The Shelter of Love

What about street dogs,/ the soft undersides of paws/ laid at night/ upon face or arm/ warding off cold & harm./ Dogs with hungry sorrowful/ eyes will gaze into our own./ If we have zero food/ to offer, not even a bone,/ a dog still claims us,/ downtrodden as we are,/ as his home.

Dogs give love and companionship to many unsheltered people. Their loyal friendship makes life more bearable for countless people on the streets. Robert L. Terrell photo


Shelter of Love

by Joan Clair

She and her two small dogs live on the street.
They seek shelter together; they are family.
If she moves away from them
to go into a building
where dogs, punished for being dogs,
are not allowed,
they strain from the leash, tied up outside,
and point in her direction
like they’re fixing on the North Star
to guide them to escape like former slaves.
They feel no relief until she is retrieved.
Where is the Canada
where families of humans and other species
owning nothing but each other
can live in peace?
“Two dogs are too many.
We will allow one small dog,”
say the rules and rulers of buildings.
She and her two dogs live on the street
with no shelter beyond
the shelter of love that binds them together
and does so forever.


Interrogation File, Dog Heaven

by Daniel Marlin

1. Transcript

Where were you at 2 a.m.
on July 21, 2012?

In People’s Park, Berkeley,
half-awake on the grass.
My chin rested on these front paws.
The fog lay down at my side.

Were you alone?

No. Nearby, in deep sleep,
was the one who fed me—
his own meat, sometimes.

Did the one who fed you have a home?

We had no door
with lock and key.
No room with walls and wooden sky.

Why did you rise, with a
growl in your throat,
when the stranger approached?

I did what a dog is born to do.

Which is? 

Others have tried to harm
the one who fed me,
while he slept.
Once, two tall boys
came with a baseball bat.
They didn’t notice me
until I lunged,
and smelled their terror
as they ran.

On July 21 at 2 a.m., a stranger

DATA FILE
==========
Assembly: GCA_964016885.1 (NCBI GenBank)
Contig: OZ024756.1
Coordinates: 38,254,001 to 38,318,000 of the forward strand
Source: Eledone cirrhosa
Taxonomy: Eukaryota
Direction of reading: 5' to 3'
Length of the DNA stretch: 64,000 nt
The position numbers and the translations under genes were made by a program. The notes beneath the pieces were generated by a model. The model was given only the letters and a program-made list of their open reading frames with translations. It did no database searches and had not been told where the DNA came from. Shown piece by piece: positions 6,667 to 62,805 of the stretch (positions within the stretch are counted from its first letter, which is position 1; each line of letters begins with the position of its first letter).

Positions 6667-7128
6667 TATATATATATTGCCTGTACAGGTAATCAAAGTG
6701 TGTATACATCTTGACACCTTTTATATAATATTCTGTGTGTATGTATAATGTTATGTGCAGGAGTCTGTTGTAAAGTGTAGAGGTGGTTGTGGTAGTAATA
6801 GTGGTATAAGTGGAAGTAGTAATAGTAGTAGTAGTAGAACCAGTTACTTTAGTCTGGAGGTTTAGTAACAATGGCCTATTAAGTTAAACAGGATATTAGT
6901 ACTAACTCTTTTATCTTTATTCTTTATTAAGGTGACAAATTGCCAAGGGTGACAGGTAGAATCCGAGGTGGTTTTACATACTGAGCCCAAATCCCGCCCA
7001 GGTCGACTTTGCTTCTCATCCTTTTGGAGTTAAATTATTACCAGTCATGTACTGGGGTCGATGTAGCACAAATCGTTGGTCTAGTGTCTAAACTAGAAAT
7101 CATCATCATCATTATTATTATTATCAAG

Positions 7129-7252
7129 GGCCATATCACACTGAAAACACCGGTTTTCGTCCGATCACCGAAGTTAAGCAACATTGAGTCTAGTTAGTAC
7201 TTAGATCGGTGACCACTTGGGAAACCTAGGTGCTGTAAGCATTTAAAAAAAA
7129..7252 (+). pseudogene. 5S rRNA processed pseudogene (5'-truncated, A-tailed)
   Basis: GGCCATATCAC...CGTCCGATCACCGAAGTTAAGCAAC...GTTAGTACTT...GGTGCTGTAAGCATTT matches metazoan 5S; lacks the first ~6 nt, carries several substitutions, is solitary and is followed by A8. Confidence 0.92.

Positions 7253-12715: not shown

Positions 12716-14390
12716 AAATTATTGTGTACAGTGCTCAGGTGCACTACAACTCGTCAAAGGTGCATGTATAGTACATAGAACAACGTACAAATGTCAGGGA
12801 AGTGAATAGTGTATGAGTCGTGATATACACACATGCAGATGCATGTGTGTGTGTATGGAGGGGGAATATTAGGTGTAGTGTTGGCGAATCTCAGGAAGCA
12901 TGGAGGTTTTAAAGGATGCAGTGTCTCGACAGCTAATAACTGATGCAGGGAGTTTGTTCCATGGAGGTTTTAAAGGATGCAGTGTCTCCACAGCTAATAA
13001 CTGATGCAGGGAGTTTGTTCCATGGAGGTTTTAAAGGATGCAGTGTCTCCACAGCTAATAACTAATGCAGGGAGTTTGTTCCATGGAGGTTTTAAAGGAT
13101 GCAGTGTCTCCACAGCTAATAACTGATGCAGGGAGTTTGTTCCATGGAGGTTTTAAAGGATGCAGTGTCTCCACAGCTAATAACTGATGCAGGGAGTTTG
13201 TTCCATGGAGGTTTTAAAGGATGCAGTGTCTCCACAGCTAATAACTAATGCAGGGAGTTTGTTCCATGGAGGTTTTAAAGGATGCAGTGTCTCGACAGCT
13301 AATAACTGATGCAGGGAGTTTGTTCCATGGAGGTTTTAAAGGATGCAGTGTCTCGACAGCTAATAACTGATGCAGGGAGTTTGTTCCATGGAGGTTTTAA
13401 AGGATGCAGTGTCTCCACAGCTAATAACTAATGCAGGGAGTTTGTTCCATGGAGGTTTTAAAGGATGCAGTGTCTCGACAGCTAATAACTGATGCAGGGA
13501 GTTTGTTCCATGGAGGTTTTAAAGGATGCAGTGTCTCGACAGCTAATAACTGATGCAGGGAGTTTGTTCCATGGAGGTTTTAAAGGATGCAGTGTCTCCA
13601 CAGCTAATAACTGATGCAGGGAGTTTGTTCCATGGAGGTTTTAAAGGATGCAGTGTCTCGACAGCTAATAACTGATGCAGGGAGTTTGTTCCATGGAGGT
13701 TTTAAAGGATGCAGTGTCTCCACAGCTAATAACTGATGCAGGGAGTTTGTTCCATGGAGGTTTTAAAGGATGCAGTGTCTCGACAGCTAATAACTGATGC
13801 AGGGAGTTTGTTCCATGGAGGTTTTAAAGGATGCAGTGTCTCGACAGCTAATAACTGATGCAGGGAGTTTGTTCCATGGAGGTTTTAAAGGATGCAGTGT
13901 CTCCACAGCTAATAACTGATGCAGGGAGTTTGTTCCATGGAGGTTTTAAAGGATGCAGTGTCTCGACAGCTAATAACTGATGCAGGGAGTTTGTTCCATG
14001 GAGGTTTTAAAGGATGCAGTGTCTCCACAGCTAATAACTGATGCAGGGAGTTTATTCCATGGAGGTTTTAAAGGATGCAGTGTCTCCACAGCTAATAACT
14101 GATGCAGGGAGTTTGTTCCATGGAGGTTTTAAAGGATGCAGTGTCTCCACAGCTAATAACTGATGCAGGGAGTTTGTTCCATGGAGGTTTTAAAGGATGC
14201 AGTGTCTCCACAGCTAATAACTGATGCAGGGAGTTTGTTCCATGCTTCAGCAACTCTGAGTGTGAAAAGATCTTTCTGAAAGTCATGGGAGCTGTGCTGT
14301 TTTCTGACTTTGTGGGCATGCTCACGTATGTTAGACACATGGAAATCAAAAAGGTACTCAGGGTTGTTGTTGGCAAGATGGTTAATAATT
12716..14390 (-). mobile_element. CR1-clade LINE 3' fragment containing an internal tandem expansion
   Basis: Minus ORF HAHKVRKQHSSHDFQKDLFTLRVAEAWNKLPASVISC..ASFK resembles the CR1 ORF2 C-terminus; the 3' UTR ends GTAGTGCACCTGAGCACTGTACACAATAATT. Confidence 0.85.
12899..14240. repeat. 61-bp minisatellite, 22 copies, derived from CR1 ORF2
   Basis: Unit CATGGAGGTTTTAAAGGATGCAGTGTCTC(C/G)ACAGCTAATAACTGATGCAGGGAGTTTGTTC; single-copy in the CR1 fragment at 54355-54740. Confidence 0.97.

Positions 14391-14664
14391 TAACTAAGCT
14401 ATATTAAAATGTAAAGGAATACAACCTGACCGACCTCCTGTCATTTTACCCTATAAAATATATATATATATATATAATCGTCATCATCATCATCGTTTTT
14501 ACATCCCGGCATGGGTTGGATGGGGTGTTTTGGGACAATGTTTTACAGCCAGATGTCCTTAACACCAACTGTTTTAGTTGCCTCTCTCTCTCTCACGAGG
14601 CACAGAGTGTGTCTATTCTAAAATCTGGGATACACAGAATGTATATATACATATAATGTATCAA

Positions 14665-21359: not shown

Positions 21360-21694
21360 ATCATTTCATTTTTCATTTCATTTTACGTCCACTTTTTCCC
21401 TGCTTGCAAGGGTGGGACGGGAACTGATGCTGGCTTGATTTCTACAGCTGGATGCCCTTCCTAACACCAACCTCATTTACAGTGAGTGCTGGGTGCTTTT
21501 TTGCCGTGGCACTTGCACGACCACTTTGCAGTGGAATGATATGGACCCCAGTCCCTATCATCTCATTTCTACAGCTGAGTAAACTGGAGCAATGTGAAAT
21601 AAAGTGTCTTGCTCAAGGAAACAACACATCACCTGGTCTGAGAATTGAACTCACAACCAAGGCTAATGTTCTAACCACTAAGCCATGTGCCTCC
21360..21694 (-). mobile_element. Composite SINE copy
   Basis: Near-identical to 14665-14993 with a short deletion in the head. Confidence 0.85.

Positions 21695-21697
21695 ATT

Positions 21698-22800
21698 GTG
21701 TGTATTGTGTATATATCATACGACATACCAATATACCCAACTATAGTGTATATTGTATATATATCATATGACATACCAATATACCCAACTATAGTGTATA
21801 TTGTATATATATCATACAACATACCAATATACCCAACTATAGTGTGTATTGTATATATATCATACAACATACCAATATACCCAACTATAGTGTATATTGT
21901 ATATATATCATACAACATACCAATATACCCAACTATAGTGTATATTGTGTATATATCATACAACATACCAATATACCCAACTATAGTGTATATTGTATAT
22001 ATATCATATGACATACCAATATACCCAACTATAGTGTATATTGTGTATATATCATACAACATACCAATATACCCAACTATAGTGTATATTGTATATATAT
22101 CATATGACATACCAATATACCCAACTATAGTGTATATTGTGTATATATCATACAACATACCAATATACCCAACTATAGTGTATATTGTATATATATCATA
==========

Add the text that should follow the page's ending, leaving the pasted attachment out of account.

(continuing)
Yes, he wore a skin of static;
voices came out of a
thing on his shoulder.
His own voice was rough.

Also, he had moonlight
in his hand, a long tube,
which blinded me.
He shined it
on the face of my sleeping one,
but did not wake him.

What did the stranger say?

I don’t know his words;
his sound was hard.
He meant us harm.


I rose, growling, and bared my teeth
at him.
His fear became a vapor in the air.

What else do you remember?

A great force threw me down.
Then, nothing.

2. Judgment:

On July 21, at 2 a.m. in People’s Park
a University police officer
shot this sister down,
for doing what she was born to do.

She is received,
with grace.


Mary’s Crucified

by Joan Clair

Mary’s crucified in the starving mother dog,
agony in her face as she races around a mound
at an intersection surrounded by cars.
Mary’s crucified in her starving body
with its beaten bones sticking out
except where unborn babies bulge
and her nipples drag along the ground.
Mary’s crucified in each act of cruelty
which led to her homelessness.

The togetherness of a homeless man and his dog companion makes their vigil on a San Francisco street less lonely. Robert L. Terrell photo


A Holy Block

by Joan Clair

I live on a holy block
with hundreds of worshippers
in the form of flowers
in irregular pews —
a wild, intangible group
with plenty of room
in the glory
of their morning monasteries.
My dog pauses in praise
in the morning light,
and so do I.


Two Street Souls

by Claire J. Baker

I will my soul
whose grief
down the street
up to the clouds
at the death
of a good dog
whose canine soul
more than human
was amazing.


How Old Is She?

by Joan Clair

“Hi, old dog!” the woman shrieks,
“How old is she? How old is she?”
I reply, “As old as you, as old as me,
as we are seen as two old hags
by those in chains of their mortality.
They would never say, ‘Hello, old hag!’
But we know that’s what they think.
Therefore, first see the joy she feels
in seeing you,
then her outgoing spirit sharing love,
her uncontaminated trust.
And only then see her as an old dog,
if you must;
and let that also be the same for us.”


Somebody Cares!

(after Sue Ellen Pector)

by Claire J. Baker

what about street dogs,
the soft undersides of jaws
& paws laid at night
upon face or arm
warding off cold & harm.

Dogs with hungry sorrowful
eyes will gaze into our own.
If we have zero food
to offer, not even a bone,
a dog still claims us,
downtrodden as we are,
as his home.


Considering Tears

by Claire J. Baker

How beautiful are those which
well up the slow steep way
from one’s toes.
May these outpourings flow
as long & heavy as they must
when & wherever they come

over a gravestone
or over a letter
shed on a pet’s paw or
a loved one’s shoulder.

When misty eyes sting,
when streamings reach lips
we taste & savor, find
the moisture, though salty,
sweet indeed…

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